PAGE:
Should you or shouldn’t you do performance satisfaction surveys of your clients? On the one hand, how can you improve if you don’t know what went wrong? On the other hand, don’t surveys just chase the cow after it’s out of the barn? And what will be your clients’ reactions to the process?

As with many apparently either/or questions, this one is best answered by defining our terms. Client feedback is indeed critical—but how you get it varies radically by what you are trying to find out.

Two Things You Need to Know

There are two things a professional services firm needs to know from its clientele. First, how the work is going. Second, how the relationship is going.

Finding out how the work is going is what most people have in mind when they begin to think about interviewing their clients. Firms are partly looking for a report card—ideally, a source of benchmarking. They are also partly looking for specific behavioral feedback to be used for performance feedback.

How the relationship is going is something most firms would like even more—but don’t know how to ask. The value of that discussion is huge—identifying new issues, surfacing unspoken concerns—even business development. And the value lies in the discussion, not the answer.

Two pitfalls arise. The first is the wrong tool for the job—applying a “how’s the work going” tool to relationships. The second pitfall is borrowing techniques from general industry, rather than using approaches unique to professional services.

The Right Tool for the Job

“How the work is going” can refer to the project, or to the performance of the individuals on the project. Structured, regular project review meetings are invaluable for the former. But not when it comes to course-correcting people.

Client surveys are very ineffective at evaluating personal performance, for a great number of reasons. Clients hate to give negative feedback about professionals, so any feedback is suspect. By the time the survey is done, the opportunity to fix things is usually past. And professionals tend to take feedback very badly, challenging the validity of the data or blaming the sources.

For performance reviews, there is no substitute for an ethic, a process, an attitude of ongoing, direct interaction with the client. Problems must be surfaced all the time and fixed on the spot. Performance evaluation is primarily the responsibility of the professional firm—not of your clients. Don’t lay your problems off on them.

On the other hand, “how’s the relationship going” is a question that demands client interaction, yet requires a lot of sensitivity. When it comes to the relationship question, it’s the discussion that counts, not the answer.

That means you should not contract out the discussion to a third party. Objectivity here is not the point—in fact, subjectivity is. You can’t send someone else to discuss your relationships, as Miles Standish found out to his chagrin centuries ago.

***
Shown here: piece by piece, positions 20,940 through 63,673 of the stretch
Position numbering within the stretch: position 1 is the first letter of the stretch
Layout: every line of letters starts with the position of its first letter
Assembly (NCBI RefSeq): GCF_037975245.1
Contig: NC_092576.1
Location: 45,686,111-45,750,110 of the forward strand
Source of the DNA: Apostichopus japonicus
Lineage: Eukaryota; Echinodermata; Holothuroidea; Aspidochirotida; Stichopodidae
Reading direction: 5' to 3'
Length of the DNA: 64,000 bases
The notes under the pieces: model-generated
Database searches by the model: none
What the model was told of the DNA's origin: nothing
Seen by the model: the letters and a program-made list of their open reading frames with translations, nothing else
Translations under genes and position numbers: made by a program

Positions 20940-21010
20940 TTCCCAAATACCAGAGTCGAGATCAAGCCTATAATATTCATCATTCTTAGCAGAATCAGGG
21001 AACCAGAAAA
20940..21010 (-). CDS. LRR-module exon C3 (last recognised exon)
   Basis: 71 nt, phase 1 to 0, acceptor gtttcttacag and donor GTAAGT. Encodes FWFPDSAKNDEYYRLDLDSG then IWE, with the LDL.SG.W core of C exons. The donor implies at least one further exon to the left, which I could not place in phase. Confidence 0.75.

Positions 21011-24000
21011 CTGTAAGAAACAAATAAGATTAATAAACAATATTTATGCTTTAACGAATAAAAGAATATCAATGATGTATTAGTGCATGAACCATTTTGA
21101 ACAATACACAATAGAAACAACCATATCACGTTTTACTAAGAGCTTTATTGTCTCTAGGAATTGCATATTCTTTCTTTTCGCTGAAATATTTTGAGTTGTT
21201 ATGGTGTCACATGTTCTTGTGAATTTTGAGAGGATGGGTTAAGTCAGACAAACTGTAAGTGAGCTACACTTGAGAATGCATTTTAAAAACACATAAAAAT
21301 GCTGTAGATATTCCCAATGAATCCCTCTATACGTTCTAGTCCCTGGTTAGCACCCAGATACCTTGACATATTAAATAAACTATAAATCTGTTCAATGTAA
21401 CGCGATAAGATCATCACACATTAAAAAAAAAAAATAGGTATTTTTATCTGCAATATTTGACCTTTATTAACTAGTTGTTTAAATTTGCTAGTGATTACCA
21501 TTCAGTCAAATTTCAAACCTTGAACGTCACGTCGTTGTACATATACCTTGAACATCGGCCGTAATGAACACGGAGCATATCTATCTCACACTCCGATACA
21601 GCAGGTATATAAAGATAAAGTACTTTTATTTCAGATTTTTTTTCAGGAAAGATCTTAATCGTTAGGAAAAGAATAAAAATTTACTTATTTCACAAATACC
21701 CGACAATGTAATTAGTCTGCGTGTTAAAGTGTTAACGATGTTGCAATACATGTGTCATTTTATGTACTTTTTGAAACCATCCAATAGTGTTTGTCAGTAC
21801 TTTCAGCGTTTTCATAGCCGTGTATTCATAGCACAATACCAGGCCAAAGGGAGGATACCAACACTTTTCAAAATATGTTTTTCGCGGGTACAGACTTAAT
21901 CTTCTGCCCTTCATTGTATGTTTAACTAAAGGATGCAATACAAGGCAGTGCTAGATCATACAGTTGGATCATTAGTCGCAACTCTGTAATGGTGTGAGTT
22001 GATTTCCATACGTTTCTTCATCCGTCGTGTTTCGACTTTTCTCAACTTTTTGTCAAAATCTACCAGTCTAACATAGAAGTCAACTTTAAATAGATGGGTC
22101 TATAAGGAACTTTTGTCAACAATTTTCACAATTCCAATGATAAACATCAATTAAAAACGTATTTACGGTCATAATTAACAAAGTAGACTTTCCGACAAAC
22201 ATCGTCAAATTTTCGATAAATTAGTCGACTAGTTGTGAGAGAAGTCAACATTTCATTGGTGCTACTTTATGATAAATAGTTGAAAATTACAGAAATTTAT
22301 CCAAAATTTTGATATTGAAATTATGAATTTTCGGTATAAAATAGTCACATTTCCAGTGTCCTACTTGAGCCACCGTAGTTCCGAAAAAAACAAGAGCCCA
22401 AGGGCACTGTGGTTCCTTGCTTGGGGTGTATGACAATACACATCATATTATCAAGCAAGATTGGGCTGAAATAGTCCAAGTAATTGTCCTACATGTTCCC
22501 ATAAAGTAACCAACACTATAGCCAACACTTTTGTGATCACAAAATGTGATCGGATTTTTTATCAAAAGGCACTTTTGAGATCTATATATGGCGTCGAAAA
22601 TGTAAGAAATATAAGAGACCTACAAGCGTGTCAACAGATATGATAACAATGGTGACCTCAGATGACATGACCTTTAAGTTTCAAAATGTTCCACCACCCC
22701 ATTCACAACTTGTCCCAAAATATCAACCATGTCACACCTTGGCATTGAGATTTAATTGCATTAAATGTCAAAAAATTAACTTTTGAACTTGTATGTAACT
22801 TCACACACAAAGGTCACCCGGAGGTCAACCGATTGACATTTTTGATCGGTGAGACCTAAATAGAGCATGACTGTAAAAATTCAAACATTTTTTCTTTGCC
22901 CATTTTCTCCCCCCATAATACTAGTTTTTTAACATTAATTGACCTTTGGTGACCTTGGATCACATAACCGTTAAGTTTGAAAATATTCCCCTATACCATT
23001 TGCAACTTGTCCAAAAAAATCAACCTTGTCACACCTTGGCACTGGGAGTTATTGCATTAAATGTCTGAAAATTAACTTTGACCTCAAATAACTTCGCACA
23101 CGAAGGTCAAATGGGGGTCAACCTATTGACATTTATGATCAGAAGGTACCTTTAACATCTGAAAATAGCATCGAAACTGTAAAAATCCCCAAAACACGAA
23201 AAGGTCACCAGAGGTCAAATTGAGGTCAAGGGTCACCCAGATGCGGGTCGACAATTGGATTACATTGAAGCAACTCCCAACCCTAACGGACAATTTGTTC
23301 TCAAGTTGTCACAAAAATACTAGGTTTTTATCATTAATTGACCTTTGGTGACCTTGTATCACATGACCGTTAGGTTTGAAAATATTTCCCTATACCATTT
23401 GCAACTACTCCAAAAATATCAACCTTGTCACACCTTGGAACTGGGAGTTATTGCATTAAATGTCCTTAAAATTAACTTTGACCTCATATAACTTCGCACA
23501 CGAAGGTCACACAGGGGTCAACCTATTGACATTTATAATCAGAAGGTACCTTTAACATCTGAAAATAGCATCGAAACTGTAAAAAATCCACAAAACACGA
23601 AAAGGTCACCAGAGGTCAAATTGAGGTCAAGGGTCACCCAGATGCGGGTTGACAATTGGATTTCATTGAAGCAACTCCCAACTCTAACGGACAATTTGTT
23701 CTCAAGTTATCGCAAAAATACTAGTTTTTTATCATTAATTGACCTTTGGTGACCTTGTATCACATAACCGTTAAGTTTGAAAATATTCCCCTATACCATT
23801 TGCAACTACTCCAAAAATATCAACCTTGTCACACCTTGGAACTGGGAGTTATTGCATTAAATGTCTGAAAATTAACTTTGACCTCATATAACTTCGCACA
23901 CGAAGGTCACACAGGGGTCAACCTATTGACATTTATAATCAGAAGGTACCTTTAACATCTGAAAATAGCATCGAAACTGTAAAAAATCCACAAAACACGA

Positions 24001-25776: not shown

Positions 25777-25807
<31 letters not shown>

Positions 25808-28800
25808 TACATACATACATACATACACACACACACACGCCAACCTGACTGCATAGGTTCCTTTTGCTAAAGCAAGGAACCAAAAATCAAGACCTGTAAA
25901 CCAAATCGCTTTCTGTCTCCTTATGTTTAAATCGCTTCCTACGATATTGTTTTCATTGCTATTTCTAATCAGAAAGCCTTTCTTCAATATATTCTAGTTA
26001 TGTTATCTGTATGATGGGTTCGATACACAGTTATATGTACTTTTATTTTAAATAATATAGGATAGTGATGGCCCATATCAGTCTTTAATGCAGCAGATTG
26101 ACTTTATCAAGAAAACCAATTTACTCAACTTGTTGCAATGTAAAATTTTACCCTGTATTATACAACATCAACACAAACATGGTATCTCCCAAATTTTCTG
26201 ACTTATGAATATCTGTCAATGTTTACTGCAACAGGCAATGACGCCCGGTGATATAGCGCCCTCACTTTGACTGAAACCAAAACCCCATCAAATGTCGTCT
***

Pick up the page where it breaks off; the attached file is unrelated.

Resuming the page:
Assessing Performance in Professional Services

How often do you fill out service assessment cards in your hotel rooms? Probably not very often. And that may be OK for the hotel business; they have large numbers to draw from, and can describe their service attributes successfully in terms of a few multiple-choice questions. That is not, however, a good model to follow for professional services clients.

To engage clients in relationship discussions, you need personal one-on-one interviews between senior people, with open-ended questions. Conversations should go where the client dictates, not where a prepared interview guide dictates.

Because they are relationship discussions, they should not be done after each project or engagement. Some firms may find them appropriate on an annual basis, but in many cases that can seem too mechanical and cyclical—some combination of every 18-24 months and “as needed” may be a better rule.

The person in charge of the relationship should be at the heart of the discussion, not excluded from it; remember, the point is not to get data but to re-examine relationships. However, it is very useful if he or she is joined by an equally senior or more senior person not involved in the relationship. That ensures two sets of ears to hear what is said, and an opportunity for intra-firm mentoring and candid discussion, as well as another ear for the client. For smaller firms, this is a key CEO task.

Setting up client relationship review meetings is easier than many professionals fear. Once it is understood that your focus is not a report card or a source for performance review feedback, but rather an honest discussion about how to work together going forward, most clients are more than willing to devote time.

One firm found it useful to send out in advance a very high level set of “how are we doing” questions. In most cases, the client appreciated the questions, but dispensed with them quickly and moved on to the “white space” issues foremost on his mind. In that sense, very brief high level “survey-” type questions have a role—to give each party a good “excuse” to talk about the really big issues—how the relationship is going.